BC Human Rights Commission: A Fifteen Year Absence
Newly anointed BC Premier John Horgan has signaled that his new government will be taking steps to fill a hole in the way in which human rights issues are dealt with in the province. Citing the fact that BC is the only province without a human rights commission, Premier Horgan announced that he would be launching a public consultation process in September to look into reinstating the BC Human Rights Commission, fifteen years after it was dismantled.
Of key interest to human rights lawyers – not to mention the individuals who have human rights claims – is whether or not the new commission will be remodeled in such a way so as to avoid the problems that gave rise to its dissolution in 2002. The former iteration of the commission acted almost as a vetting tool, wherein individuals with a human rights complaint made them first to the BC Human Rights Commission and the Commission would decide whether cases would proceed to the Human Rights Tribunal. Not surprisingly, this process could be agonizingly slow and was a significant contributor to the delay plaguing the adjudication of human rights claims. Since 2002, individuals have had direct access to the Tribunal, which has indeed resulted in a more expedient and efficient process.
Given recent “high profile incidents of hate” in BC – Attorney General David Eby cited the proliferation of anti-Chinese pamphlets in Richmond as an example – our new government believes that re-establishing an organization that seeks to advocate for and educate the public on human rights will “create a more inclusive and just society”. What this new BC Human Rights Commission will look like, and what its role will be, ultimately depends on the feedback extrapolated from the public consultation process. However, based on the governmental soundbites so far, it seems as though the goal is to create a body that has, as it’s foremost purpose, addressing discrimination proactively through education and community outreach, rather than as a reactive adjudicative body.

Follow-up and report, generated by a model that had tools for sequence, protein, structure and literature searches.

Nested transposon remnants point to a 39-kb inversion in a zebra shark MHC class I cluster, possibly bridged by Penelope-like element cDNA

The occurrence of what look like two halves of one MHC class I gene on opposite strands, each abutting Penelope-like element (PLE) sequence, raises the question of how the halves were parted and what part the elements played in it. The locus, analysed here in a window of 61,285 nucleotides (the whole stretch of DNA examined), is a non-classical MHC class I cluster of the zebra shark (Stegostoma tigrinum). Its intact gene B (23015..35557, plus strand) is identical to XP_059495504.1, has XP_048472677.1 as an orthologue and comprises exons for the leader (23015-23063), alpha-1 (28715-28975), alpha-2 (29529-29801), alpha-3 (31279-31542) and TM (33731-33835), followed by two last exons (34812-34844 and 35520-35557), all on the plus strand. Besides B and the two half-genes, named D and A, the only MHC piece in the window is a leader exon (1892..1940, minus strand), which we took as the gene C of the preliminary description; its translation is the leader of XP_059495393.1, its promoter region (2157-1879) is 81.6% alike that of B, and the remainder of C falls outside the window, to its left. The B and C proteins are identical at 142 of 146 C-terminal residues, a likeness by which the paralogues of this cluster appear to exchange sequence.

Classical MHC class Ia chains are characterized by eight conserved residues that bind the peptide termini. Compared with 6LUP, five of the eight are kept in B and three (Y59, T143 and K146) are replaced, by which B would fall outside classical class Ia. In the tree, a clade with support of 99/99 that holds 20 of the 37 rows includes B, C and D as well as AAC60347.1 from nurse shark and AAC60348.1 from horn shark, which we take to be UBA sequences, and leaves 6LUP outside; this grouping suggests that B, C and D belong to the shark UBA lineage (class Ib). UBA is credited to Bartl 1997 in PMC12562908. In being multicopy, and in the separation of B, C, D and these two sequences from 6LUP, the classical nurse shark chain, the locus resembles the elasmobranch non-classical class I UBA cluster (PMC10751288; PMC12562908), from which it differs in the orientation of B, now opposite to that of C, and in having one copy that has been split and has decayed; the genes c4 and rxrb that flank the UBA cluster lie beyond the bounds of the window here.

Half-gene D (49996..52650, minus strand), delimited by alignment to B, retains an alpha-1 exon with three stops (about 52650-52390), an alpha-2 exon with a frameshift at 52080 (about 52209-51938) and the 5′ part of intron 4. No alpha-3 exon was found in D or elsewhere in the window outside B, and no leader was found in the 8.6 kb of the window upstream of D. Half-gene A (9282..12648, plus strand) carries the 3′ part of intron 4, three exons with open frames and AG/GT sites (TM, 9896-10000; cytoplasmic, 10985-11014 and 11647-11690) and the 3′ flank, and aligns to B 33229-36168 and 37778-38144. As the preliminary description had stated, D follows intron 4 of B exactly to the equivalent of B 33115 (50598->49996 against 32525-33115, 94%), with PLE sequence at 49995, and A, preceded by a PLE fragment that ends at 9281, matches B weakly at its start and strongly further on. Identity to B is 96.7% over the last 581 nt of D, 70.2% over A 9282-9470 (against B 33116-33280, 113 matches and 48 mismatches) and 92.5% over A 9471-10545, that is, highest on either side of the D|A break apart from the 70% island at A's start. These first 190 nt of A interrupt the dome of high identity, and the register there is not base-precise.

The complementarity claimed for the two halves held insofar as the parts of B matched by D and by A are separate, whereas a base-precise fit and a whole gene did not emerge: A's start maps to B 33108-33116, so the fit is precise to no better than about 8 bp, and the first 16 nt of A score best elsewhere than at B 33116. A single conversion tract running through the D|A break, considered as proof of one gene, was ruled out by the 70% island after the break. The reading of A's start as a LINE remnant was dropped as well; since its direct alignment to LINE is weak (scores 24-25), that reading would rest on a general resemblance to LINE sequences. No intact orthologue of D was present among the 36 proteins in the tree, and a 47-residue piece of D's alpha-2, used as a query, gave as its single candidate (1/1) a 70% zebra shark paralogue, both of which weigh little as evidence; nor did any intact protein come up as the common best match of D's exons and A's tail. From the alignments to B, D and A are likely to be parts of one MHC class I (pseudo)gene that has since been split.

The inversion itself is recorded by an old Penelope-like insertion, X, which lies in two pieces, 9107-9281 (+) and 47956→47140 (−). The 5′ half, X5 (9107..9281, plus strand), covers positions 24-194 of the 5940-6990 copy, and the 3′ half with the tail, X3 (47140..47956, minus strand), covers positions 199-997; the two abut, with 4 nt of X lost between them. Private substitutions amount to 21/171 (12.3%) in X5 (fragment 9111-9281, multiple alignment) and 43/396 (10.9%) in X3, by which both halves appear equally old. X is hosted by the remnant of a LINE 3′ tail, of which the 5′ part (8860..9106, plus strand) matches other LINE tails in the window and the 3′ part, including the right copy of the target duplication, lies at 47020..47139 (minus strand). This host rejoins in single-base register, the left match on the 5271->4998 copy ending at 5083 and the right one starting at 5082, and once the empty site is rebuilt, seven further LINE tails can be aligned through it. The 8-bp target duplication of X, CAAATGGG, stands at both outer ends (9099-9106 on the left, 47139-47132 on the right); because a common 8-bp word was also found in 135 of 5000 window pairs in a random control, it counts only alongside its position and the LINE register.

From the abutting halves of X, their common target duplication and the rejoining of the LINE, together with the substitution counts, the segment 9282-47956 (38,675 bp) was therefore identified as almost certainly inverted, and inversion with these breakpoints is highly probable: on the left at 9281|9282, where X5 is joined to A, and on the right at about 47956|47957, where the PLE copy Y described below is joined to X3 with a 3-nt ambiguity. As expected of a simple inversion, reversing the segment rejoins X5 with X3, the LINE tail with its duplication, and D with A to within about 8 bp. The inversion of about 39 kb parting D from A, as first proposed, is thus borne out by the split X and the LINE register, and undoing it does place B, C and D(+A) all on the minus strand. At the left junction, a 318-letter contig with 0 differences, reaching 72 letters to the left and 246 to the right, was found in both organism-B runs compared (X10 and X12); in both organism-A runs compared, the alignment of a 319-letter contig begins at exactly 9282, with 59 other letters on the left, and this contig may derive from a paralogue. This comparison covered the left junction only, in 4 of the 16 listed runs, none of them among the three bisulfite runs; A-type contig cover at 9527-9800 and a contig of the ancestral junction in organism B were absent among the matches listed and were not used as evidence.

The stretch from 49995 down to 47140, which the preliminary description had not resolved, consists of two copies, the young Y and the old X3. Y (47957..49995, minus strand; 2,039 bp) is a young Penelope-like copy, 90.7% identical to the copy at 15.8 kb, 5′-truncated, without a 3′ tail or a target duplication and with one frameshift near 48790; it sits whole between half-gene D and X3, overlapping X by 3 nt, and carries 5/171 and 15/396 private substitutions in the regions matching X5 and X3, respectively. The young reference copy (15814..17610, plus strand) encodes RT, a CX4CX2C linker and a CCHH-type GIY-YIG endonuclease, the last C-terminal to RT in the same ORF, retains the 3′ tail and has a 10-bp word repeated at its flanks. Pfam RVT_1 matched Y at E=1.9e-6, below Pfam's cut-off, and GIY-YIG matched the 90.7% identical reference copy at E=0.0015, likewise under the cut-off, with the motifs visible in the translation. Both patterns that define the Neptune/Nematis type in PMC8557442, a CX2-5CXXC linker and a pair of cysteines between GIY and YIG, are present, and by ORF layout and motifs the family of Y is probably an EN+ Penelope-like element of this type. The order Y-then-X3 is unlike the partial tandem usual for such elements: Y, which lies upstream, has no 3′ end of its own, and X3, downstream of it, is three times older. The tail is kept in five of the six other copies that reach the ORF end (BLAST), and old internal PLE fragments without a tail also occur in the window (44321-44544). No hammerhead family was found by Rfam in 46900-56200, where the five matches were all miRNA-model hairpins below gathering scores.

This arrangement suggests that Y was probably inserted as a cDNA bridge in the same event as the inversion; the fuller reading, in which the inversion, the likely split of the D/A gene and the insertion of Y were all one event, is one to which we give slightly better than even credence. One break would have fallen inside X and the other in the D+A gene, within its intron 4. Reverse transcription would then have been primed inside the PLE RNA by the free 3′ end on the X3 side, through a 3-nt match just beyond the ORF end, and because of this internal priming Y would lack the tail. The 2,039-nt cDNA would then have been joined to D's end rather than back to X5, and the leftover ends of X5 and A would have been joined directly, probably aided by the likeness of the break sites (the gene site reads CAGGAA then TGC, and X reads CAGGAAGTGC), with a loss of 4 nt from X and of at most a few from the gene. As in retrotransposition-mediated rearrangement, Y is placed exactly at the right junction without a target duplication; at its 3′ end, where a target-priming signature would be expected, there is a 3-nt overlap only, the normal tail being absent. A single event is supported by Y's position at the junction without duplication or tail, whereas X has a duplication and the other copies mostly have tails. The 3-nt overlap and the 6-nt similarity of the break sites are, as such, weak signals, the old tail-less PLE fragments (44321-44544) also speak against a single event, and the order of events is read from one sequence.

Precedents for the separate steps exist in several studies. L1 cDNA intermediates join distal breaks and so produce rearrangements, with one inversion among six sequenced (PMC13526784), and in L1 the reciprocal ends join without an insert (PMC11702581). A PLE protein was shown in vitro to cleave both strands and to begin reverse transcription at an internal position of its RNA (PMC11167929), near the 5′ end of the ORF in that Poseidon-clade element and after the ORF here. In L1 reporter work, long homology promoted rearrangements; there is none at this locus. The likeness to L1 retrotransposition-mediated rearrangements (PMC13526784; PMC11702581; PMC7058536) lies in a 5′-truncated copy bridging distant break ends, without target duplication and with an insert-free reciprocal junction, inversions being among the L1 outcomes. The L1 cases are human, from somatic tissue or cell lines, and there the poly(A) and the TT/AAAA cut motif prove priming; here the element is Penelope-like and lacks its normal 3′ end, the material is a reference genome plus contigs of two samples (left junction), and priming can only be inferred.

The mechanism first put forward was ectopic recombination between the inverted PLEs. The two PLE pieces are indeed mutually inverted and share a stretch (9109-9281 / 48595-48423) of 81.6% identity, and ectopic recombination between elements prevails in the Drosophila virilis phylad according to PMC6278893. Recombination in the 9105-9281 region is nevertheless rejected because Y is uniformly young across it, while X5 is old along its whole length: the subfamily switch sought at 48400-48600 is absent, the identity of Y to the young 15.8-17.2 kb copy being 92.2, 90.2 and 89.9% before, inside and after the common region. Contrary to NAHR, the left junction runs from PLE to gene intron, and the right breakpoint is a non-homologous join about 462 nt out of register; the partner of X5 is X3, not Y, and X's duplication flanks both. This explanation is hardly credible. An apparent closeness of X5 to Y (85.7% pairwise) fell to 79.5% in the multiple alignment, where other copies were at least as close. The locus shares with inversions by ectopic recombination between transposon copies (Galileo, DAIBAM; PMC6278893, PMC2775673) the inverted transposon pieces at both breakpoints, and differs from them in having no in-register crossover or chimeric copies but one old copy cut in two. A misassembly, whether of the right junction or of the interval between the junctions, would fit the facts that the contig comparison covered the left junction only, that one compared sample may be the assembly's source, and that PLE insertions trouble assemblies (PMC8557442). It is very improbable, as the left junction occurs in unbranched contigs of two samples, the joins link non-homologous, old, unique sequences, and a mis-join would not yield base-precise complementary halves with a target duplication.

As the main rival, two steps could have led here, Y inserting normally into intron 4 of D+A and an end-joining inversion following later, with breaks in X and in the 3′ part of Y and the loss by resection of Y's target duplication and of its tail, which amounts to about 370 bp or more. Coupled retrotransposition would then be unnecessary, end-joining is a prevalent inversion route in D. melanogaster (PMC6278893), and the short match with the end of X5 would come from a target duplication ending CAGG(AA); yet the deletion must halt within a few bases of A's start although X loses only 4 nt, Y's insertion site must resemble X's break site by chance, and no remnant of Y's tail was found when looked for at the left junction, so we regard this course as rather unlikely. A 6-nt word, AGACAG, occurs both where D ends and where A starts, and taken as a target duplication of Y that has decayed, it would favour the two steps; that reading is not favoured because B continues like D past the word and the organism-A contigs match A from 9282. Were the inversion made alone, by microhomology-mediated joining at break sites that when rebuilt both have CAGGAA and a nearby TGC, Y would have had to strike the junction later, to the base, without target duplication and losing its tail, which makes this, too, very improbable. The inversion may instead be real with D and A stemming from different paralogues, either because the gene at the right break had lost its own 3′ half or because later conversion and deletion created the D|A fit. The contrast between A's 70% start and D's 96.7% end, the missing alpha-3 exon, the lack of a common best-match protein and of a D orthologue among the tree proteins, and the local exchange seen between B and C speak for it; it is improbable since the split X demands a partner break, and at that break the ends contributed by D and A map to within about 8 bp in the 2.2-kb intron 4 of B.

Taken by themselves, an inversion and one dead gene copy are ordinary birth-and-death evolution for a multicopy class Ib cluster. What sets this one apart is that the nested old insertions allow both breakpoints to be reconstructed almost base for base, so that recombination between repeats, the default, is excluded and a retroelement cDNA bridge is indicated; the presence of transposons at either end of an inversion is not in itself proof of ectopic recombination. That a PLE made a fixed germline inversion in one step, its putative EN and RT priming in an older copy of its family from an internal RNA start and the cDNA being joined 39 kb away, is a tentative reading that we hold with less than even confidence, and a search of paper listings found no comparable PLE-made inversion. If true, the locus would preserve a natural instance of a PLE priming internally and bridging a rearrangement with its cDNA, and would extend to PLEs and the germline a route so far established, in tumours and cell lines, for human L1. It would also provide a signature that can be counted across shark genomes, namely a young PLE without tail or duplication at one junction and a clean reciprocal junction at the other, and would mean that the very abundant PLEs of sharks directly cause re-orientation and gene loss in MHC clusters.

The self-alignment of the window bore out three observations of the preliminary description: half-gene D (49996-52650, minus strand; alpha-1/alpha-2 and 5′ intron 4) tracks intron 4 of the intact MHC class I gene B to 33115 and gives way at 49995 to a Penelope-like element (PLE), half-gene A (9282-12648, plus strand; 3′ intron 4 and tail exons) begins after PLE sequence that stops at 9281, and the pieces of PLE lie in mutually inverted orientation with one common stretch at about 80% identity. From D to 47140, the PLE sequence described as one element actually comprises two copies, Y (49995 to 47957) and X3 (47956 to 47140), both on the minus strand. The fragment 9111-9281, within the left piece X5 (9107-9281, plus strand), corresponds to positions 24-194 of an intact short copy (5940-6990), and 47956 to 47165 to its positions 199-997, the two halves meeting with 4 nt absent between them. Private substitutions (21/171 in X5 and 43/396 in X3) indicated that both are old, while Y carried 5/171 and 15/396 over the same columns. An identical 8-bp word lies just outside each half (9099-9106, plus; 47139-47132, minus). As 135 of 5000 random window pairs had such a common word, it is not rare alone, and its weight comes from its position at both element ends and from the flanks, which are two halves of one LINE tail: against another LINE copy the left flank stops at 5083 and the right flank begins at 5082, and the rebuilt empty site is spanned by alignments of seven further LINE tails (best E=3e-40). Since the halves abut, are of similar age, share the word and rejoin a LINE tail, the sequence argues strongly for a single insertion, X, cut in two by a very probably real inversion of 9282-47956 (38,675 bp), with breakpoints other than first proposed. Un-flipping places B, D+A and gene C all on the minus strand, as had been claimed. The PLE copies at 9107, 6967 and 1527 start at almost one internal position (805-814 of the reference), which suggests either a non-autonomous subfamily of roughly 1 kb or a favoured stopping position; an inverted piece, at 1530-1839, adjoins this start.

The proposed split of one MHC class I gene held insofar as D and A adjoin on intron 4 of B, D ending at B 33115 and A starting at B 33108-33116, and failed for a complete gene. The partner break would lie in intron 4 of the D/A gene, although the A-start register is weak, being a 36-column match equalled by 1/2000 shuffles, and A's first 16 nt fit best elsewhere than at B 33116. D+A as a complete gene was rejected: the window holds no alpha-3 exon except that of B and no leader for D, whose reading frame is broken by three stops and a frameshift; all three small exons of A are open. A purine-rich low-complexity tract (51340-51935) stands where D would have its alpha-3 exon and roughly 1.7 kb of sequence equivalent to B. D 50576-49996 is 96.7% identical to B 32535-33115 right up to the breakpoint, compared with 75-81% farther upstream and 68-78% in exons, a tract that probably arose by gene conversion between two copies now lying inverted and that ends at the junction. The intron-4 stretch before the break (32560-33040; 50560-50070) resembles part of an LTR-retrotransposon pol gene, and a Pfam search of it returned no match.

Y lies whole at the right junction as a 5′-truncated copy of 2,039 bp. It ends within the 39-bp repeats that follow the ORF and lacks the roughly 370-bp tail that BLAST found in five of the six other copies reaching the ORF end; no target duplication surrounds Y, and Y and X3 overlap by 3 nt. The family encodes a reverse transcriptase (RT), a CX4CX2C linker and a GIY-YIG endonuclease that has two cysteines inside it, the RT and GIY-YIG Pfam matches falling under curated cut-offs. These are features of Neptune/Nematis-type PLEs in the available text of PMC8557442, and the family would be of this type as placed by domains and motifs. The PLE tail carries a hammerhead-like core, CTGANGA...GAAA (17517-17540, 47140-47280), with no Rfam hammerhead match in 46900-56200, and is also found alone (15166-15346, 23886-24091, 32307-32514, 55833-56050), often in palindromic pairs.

An exemplar of such an organization exists in Ontario, where individuals continue to enjoy a direct-access system with the Ontario Human Rights Tribunal. The Ontario Human Rights Commission operates solely to expose and address forms of discrimination that are rarely subject to adjudication and to “promote, protect and advance human rights through research, education, targeted legal action and policy development”. For example, the OHRC’s Strategic Plan over the next five years is to proactively protect and promote human rights in the context of Indigenous communities and the criminal justice system and to educate the public on how systemic discrimination causes and sustains poverty.
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So although there remains some legitimate concern about avoiding the systemic delay that caused the dismantlement of the BC Human Rights Commission in the first place, it would seem that there is also a real opportunity here to establish a body in BC that would assist with the education and proliferation of information regarding human rights in the province, which would ultimately be very hard to argue against.